If, in the end, they fail to stop the exit, “we” win. We being the working stiffs, the ones usually cheated and robbed by the neo-liberal scum.

    #28922

    V. Arnold
    Participant

    I love Yeats:
    Turning and turning in the widening gyre
    The falcon cannot hear the falconer;
    Things fall apart; the centre cannot hold;
    Mere anarchy is loosed upon the world,
    The blood-dimmed tide is loosed, and everywhere
    The ceremony of innocence is drowned.
    The best lack all conviction, while the worst
    Are full of passionate intensity.

    That last line says it all for today’s world, no?

    #28924

    Ken Barrows
    Participant

    Don’t think the lack of a FTSE drop (relatively) is ironic. This will hurt the EU more than the UK.

    #28926

    Professorlocknload
    Participant

    Deflationary?

    #28927

    Professorlocknload
    Participant

    What to do?
    Get the hell out of the bonds, including the dollar? 1.47 Yield? Do we really think this is going even more negative? Or do we suppose the PPT/Fed is in full on liquefy-it-all mode, Katy bar the door?

    Busy weekend at Eccles 😉

    #28929

    VisionHawk
    Participant

    Brexit – perhaps a little clarity??

    I suspect that even Cameron voters changed horses – and the reason is the fear of being swamped by hordes from elsewhere. Under EU rules Britain would have to accept what the EU decrees – now it doesn’t.
    Yet again matters Economic are obfuscating the real reasons…..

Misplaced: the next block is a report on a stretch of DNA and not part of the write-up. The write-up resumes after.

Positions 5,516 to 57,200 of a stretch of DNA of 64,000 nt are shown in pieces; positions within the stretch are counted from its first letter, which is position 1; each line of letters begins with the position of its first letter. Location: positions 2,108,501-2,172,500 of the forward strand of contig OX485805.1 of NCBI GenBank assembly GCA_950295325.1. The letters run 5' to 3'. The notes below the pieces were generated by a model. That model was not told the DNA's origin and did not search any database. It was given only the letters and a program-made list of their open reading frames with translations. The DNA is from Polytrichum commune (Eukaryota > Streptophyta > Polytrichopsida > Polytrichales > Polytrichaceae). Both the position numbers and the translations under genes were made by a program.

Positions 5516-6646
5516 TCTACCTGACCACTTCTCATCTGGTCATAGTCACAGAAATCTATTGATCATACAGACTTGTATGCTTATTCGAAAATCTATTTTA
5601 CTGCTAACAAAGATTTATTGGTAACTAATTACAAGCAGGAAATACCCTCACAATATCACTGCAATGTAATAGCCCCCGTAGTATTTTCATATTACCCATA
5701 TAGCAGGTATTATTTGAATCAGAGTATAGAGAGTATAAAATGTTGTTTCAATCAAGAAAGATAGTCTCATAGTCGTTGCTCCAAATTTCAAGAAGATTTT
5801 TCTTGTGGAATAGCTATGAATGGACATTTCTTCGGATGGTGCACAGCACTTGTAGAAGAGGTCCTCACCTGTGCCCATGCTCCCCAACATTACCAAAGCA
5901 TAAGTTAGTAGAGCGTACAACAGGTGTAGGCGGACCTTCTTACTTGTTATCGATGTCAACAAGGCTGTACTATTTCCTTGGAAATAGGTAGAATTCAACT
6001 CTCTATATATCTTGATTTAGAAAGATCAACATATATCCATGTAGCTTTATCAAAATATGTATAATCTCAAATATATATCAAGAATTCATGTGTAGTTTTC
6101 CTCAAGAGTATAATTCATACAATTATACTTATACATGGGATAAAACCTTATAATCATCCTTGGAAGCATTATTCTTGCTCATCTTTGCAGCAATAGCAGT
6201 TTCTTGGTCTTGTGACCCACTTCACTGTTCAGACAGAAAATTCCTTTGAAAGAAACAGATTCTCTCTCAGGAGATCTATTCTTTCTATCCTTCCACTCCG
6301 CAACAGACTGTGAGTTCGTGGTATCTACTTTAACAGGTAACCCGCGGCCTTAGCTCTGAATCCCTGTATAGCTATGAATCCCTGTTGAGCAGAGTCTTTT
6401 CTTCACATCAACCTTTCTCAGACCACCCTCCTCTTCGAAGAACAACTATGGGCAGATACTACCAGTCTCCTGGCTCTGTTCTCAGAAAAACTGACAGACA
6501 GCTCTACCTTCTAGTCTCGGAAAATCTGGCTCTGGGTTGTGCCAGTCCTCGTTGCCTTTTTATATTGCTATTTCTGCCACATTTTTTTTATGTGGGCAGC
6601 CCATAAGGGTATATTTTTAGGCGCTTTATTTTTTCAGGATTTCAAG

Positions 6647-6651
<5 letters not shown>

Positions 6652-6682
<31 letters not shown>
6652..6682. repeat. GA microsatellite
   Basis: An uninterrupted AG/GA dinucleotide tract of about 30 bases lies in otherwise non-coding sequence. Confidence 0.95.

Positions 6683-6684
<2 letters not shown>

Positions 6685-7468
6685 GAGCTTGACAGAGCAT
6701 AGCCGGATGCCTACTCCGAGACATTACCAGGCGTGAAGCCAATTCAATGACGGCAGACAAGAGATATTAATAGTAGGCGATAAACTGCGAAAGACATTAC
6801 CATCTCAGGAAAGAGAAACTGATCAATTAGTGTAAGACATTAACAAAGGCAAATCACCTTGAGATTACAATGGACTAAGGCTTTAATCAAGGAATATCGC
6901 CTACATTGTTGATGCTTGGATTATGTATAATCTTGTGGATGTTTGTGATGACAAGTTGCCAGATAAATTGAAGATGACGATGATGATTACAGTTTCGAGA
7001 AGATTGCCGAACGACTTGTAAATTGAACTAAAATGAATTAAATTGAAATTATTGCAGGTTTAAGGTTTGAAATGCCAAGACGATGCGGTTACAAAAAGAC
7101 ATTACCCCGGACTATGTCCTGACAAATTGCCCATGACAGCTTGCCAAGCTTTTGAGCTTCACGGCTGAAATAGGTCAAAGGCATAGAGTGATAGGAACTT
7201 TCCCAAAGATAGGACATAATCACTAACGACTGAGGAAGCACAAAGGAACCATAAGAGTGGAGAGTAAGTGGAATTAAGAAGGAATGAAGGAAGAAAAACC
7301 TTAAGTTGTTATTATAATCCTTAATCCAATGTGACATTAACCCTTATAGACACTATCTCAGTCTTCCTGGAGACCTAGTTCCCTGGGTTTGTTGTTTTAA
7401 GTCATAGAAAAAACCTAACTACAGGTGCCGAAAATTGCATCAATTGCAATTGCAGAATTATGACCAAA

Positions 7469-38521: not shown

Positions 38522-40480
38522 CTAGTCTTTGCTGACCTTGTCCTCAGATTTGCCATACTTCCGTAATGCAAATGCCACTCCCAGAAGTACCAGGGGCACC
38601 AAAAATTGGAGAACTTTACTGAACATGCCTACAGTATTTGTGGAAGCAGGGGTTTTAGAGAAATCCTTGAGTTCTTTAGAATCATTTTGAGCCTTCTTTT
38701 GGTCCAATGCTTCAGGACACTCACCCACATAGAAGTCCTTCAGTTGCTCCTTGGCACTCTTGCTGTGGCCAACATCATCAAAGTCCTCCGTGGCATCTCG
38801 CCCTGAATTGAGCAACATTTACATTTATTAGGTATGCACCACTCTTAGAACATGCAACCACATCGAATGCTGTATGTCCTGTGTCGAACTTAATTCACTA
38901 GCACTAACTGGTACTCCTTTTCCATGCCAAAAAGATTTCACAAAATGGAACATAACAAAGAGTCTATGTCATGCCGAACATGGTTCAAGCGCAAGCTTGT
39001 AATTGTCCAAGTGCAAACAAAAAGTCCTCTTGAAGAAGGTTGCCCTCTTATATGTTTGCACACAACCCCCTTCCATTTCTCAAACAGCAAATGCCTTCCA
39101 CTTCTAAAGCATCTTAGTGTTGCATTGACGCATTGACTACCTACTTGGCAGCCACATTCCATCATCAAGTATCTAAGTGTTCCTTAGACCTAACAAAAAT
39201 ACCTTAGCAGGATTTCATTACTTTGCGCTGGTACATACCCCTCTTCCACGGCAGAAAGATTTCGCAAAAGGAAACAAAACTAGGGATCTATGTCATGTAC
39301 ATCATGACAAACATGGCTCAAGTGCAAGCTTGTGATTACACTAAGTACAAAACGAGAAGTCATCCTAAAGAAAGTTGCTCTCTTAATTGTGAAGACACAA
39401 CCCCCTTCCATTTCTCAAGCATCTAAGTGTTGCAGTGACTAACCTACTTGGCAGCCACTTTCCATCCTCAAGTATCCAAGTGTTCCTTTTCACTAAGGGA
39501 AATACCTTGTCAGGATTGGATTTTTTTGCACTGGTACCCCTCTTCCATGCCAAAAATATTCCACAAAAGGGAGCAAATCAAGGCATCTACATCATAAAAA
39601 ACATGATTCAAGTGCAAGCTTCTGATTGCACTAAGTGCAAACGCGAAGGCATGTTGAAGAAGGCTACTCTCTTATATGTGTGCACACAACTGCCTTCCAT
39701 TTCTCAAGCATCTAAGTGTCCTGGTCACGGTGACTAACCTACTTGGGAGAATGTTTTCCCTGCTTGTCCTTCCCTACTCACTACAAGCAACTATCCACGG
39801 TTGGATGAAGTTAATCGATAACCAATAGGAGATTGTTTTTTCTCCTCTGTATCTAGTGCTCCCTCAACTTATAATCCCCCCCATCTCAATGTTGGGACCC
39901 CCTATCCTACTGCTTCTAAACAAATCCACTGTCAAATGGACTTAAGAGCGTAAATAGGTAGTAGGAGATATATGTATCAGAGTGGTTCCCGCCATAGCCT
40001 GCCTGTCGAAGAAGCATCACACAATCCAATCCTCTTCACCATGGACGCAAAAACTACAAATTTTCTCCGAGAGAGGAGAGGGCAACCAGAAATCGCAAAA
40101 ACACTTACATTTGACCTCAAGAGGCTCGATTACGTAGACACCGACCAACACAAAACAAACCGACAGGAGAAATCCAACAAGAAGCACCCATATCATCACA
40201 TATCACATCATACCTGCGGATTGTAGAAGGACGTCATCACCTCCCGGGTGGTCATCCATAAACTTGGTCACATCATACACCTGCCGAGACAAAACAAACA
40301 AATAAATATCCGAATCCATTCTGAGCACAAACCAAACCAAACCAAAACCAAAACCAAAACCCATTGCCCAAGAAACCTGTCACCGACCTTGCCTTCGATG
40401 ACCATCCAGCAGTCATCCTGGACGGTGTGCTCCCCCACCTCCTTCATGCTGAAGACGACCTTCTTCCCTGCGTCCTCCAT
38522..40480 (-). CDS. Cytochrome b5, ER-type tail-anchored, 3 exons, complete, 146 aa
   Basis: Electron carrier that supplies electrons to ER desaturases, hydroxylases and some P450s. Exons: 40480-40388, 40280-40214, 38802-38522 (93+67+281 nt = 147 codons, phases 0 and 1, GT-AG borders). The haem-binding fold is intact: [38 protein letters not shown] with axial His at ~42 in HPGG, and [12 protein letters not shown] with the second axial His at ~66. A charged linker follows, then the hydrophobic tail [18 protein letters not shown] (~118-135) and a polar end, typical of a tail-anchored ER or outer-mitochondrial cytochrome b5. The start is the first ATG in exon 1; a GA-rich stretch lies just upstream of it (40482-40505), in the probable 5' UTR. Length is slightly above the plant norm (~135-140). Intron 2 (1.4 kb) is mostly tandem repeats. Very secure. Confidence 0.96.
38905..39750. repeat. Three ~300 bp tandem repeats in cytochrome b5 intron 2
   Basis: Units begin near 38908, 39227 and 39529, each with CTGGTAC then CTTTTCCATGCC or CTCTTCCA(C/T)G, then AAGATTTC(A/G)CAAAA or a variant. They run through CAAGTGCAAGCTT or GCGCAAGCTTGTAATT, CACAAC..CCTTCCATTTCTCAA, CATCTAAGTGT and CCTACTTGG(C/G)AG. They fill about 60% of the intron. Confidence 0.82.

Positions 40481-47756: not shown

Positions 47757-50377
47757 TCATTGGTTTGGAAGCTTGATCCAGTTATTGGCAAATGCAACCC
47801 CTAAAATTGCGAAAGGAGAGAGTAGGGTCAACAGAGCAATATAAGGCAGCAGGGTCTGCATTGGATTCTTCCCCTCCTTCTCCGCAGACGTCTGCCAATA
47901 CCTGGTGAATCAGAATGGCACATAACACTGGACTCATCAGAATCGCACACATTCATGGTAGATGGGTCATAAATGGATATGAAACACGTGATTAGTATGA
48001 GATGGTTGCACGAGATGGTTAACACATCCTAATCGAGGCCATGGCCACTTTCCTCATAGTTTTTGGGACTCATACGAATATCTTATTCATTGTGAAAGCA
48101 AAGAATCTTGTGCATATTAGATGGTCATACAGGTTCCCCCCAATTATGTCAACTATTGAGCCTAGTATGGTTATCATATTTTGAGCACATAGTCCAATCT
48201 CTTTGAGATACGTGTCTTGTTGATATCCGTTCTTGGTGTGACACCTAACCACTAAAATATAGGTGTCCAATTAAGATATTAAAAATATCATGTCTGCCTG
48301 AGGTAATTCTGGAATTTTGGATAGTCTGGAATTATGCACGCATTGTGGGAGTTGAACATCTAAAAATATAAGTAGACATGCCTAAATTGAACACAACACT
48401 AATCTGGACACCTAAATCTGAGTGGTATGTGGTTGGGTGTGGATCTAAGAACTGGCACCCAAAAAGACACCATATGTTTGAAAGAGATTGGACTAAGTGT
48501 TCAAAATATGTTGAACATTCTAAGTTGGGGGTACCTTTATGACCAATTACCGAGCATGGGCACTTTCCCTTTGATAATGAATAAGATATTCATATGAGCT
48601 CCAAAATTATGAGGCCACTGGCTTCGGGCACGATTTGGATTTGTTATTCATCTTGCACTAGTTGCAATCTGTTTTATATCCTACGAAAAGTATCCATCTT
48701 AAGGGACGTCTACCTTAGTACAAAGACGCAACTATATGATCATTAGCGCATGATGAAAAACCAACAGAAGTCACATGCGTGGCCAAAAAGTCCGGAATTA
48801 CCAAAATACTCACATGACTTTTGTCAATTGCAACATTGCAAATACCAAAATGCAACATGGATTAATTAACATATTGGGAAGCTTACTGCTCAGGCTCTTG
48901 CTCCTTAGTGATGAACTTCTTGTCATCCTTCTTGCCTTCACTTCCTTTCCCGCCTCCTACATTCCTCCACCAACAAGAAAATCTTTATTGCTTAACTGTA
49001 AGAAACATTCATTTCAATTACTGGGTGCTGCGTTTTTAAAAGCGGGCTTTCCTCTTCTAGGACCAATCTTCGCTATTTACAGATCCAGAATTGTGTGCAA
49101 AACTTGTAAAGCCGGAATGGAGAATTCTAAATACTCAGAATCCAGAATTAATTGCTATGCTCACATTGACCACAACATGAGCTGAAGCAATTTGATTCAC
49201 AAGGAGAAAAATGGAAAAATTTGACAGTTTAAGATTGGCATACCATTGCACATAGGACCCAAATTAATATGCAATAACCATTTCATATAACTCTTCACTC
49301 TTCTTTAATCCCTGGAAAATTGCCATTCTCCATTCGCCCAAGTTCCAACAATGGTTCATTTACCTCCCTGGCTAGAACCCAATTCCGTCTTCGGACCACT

Having said that – let’s look forward to the dawning of better days!

    #28930

    VisionHawk
    Participant

    Brexit – perhaps a little clarity??

    I suspect that even Cameron voters changed horses – and the reason is the fear of being swamped by hordes from elsewhere. Under EU rules Britain would have to accept what the EU decrees – now it doesn’t.
    Yet again matters Economic are obfuscating the real reasons…..

    Having said that – let’s now look forward to the dawning of better days!

    #28931

    TheTrivium4TW
    Participant

    >>It’s high time for something completely different, because we’re in a dead end street.<<
    We are in a dead-end debt monetary system. If you change the “street” without changing debt-based monetary systems to non debt-based monetary systems then you’ve accomplished very little – and nothing in the long run.
    But we aren’t supposed to touch the debt-money system per Krugman’s warning, right?

    I see debt-people in the debt-money Matrix.

    #28932

    John Day
    Participant

    Massive losses will be “realized” throughout the world by second-tier and lower elites. Soros bet hard against markets, bought gold, and warned how everything would be so chaotic and bad in finance if Brexit was voted in. Did top tier elites make it look like they would rig this vote, then not-rig-it on purpose? Big head-fake, if so. The BIS boot was full of busy bankers yesterday and today. Looks like globalism just got an embolism.